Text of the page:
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Will Brexit threaten clinical trials in the UK?


The recently-formed Brexit Health Alliance has warned that Brexit will put patients at a disadvantage if their participation in clinical trials across Europe to test new drugs is negated upon leaving the European Union.


The Alliance and its report

The Brexit Health Alliance was formulated in response to the UK’s decision to leave the EU. It works in conjunction with the Cavendish Coalition of social care and health organisations to protect and address the country’s health priorities and interests, such as access to medical treatment and research. The Alliance comprises various health bodies, including the Academy of Medical Royal Colleges, the NHS Confederation, NHS providers, and the BioIndustry Association.

A newly-published report from the Alliance states that a UK migration process needs to be in place for the future success of UK and European interests. It also requests and recommends coordination and cooperation with Europe when it comes to continued involvement in research; in the regulation of medical devices and medicines; and in the European Reference Network, which deals with complex and often rare diseases.

The risk to healthcare

If clinical trials in the UK were unable to recruit a varied pool of participants from Europe, the outcomes would be significantly limited for patients in both the UK and Europe. This would have a negative knock-on effect for research, medicines, medical and technological developments, and advancements overall.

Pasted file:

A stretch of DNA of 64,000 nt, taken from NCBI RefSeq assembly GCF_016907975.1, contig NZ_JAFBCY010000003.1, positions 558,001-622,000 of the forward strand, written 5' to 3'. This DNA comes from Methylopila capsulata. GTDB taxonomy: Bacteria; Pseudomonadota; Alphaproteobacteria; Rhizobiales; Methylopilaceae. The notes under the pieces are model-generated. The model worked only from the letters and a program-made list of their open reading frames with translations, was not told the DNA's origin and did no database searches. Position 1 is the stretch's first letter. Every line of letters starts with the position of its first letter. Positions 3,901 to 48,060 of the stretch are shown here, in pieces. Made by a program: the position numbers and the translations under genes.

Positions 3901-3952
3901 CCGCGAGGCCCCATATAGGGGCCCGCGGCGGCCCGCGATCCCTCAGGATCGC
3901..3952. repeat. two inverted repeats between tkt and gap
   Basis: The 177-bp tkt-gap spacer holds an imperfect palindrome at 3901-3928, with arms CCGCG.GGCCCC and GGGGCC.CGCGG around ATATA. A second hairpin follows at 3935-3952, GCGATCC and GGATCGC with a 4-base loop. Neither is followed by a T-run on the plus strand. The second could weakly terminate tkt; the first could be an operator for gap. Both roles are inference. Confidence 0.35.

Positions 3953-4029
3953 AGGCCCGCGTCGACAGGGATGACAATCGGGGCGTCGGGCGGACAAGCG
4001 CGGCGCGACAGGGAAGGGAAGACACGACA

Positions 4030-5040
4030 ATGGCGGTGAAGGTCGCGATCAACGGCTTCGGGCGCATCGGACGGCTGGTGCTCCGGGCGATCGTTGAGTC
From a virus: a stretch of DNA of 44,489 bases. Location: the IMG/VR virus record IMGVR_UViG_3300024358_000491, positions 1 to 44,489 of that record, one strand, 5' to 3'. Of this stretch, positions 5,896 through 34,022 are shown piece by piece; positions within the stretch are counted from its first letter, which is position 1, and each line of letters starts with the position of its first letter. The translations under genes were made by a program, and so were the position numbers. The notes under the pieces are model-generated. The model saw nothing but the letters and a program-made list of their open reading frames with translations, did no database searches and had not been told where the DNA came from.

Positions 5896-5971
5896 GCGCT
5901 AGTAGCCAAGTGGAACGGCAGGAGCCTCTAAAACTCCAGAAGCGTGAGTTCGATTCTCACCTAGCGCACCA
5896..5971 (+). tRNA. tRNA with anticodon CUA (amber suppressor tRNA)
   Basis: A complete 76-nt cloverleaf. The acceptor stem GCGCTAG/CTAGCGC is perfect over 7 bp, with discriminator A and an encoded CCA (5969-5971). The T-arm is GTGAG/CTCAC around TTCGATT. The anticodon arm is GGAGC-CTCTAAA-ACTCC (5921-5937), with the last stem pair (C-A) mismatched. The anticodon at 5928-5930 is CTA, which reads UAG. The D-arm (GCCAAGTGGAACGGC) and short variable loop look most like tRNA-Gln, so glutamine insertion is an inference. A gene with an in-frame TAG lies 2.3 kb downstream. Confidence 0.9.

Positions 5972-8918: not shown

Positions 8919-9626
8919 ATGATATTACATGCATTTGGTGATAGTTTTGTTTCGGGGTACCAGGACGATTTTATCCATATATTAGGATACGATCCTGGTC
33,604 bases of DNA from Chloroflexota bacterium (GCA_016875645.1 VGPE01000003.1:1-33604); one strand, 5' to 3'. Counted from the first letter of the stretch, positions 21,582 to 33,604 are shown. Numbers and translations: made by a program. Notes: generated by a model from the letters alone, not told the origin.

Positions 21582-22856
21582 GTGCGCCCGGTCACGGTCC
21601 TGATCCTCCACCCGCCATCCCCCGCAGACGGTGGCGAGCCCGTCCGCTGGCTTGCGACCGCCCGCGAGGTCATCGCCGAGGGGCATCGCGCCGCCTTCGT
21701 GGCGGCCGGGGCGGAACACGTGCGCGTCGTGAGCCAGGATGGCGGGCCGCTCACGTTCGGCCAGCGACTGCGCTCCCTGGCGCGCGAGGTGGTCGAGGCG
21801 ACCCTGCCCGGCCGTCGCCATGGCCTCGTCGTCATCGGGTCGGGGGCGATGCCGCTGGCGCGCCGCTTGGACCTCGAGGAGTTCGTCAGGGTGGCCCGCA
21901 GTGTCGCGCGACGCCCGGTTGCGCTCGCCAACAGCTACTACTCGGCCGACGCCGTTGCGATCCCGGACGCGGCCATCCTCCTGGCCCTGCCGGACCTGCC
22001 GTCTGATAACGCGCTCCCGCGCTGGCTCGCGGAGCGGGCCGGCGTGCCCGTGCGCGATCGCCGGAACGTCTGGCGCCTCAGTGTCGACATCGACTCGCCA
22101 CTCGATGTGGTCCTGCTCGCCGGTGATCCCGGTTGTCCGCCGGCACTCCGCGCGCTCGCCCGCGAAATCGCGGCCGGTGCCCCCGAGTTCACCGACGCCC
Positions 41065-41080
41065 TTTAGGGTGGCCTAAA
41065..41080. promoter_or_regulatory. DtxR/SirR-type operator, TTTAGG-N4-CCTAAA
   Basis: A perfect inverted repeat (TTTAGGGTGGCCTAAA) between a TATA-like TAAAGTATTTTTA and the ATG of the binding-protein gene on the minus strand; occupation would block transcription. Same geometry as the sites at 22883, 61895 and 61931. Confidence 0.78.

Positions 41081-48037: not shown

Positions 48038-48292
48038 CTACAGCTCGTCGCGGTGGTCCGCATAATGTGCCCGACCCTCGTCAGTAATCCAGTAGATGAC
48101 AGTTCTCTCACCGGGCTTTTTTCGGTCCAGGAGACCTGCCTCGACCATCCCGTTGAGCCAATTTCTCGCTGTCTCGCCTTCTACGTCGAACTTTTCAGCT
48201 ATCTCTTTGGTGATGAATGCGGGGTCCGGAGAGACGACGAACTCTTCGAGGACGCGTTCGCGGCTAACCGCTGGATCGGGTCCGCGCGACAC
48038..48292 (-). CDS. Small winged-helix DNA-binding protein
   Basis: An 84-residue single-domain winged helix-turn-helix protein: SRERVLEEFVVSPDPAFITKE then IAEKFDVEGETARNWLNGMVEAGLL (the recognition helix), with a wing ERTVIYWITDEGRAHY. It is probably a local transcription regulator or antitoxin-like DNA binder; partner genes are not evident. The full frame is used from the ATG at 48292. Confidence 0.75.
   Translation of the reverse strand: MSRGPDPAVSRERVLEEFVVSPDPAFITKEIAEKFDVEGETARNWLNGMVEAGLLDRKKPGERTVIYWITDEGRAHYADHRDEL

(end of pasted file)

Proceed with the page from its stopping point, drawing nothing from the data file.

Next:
Medical research is pivotal in contemporary healthcare. Companies such as http://www.richmondpharmacology.com/specialist-services/adaptive-phase-i-studies that provide adaptive phase 1 studies rely on the ability to garner appropriate participants from the population. In the case of rare, complex conditions, the number of potential participants will be low in any given country and thus can only be adequately researched when patients are joined across the boundaries of countries.

If a no-deal Brexit were to occur, it would also risk the ability for the UK to collaborate with regulatory bodies such as the European Medicines Agency or to access the necessary vital databases and portals for clinical trials.

There is the potential for further funding to be required to ensure continued collaboration occurs. The Wellcome Trust has recently proposed that the UK should join the Framework Programme 9, necessitating the need to pay increased amounts to European trials and research once it leaves the EU.


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